Château La Coste, a 500-acre area of outstanding natural beauty is an internationally renowned destination for art and architecture. Rogers Stirk Harbour + Partners (RSHP) with Château La Coste completed Richard Rogers’ final work which begun before his retirement from practice in June 2020.
In 2011, Richard was invited to choose a place in the landscape that spoke directly to him and was given the freedom to design a gallery that would live there. The remote and unusual location selected required a bespoke design and fabrication. Designed to have the lightest of touches on the area and its ecology, the building cantilevers out 27-metres to a point 18-meter above the heavily wooded site. Its delicate joints and expressed elements support the lightweight extruded gallery, clad in naturally finished satin steel, softly mirroring the surrounding landscape.
The external orange steel beams taper as the construction floats outwards into mid-airwhere the building touches the ground, it does so subtly, belying the robust engineering below ground that supports the structure from just one end. Industrial in nature but with elegant, handcrafted details, the building is itself a sculpture in this landscape.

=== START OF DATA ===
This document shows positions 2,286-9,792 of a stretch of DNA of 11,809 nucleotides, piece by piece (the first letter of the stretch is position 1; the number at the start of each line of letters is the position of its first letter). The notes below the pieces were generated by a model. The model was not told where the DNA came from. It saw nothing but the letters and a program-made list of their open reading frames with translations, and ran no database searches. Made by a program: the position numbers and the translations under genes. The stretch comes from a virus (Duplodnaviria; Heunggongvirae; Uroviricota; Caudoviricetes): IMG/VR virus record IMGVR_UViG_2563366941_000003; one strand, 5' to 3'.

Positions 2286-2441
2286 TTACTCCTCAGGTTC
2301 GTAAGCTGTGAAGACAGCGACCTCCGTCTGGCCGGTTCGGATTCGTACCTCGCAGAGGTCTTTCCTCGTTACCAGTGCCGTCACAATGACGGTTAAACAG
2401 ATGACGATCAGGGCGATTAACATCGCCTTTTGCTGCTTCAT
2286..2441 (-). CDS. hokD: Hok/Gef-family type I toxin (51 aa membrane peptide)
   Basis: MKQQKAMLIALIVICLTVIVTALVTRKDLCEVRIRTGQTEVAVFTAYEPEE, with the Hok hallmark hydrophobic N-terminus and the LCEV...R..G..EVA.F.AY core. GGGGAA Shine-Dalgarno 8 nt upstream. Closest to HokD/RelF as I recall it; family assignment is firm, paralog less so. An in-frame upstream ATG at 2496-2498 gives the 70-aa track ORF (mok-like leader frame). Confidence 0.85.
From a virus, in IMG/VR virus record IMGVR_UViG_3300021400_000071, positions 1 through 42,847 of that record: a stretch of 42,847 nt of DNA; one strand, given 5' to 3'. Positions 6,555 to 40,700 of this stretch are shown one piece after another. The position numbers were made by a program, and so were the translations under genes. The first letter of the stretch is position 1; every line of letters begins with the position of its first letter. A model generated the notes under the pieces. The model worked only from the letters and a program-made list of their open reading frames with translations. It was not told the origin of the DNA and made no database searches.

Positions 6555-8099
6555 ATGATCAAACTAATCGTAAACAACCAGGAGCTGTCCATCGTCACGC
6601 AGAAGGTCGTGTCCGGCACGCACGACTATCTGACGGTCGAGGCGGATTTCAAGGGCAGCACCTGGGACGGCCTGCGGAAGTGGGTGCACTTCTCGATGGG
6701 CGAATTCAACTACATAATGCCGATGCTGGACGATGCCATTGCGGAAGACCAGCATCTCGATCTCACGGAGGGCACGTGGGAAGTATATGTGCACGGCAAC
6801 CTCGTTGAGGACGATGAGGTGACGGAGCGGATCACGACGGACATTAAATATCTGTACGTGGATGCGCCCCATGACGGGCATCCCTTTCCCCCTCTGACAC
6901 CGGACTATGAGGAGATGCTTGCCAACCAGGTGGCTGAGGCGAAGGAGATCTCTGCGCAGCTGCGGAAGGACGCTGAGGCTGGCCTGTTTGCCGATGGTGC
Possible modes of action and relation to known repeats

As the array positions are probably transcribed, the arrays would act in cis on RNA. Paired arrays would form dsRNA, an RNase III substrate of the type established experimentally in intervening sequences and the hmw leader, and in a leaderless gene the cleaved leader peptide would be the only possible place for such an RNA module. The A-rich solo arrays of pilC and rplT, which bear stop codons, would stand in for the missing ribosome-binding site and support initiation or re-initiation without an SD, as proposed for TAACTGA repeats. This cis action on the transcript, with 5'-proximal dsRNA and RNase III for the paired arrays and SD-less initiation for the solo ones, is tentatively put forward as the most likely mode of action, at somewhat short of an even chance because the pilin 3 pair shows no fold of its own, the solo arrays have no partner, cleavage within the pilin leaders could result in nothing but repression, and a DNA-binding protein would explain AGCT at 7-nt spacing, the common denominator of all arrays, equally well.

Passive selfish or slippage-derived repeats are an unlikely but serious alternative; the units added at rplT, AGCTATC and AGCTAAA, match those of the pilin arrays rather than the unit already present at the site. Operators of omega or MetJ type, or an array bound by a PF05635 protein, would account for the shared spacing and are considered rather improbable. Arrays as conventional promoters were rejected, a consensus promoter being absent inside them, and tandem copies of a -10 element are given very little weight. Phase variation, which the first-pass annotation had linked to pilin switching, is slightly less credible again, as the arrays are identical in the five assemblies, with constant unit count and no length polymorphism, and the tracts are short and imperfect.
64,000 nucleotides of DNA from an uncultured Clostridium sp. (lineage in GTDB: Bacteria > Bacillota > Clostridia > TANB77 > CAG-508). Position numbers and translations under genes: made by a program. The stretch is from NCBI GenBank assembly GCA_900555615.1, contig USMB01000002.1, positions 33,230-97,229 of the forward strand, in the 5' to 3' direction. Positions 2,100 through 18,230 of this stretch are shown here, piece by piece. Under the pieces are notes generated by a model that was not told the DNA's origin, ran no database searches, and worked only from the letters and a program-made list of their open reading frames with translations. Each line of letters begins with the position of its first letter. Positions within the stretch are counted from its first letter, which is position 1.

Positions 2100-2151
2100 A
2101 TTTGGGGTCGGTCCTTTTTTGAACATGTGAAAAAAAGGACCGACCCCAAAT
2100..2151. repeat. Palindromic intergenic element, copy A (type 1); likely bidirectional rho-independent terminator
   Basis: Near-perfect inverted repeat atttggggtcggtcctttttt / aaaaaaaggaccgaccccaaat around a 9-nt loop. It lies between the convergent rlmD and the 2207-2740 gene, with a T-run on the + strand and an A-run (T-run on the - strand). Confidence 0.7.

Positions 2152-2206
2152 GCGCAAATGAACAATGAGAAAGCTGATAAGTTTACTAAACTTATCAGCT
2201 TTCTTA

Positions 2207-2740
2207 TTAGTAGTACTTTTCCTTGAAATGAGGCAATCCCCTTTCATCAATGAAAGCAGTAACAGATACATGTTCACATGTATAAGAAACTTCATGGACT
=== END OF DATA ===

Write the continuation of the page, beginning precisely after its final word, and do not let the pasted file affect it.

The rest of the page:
One leaves the terra firma of the old Roman track and transition across a lightweight bridge to the cantilevering gallery. Walking through the support structure it is here where the visitor experiences a sensation of almost floating. The gallery’s single rectangular room frames a view of the landscape through the 5x4m opening at its furthest end, beyond extends a terrace, above which the eaves gently jut out buffering the light between inside and out.The physics of the building, cantilevering as it is in combination with the region’s seismic activity, requires bridge type engineering and construction techniques. The building and its materials needed to be flexible. The cables at the entrance that ground the structure contract and expand, sensitive even to the local climate’s fluctuating temperatures. The poured resin gallery floor flexes in harmony with the structure.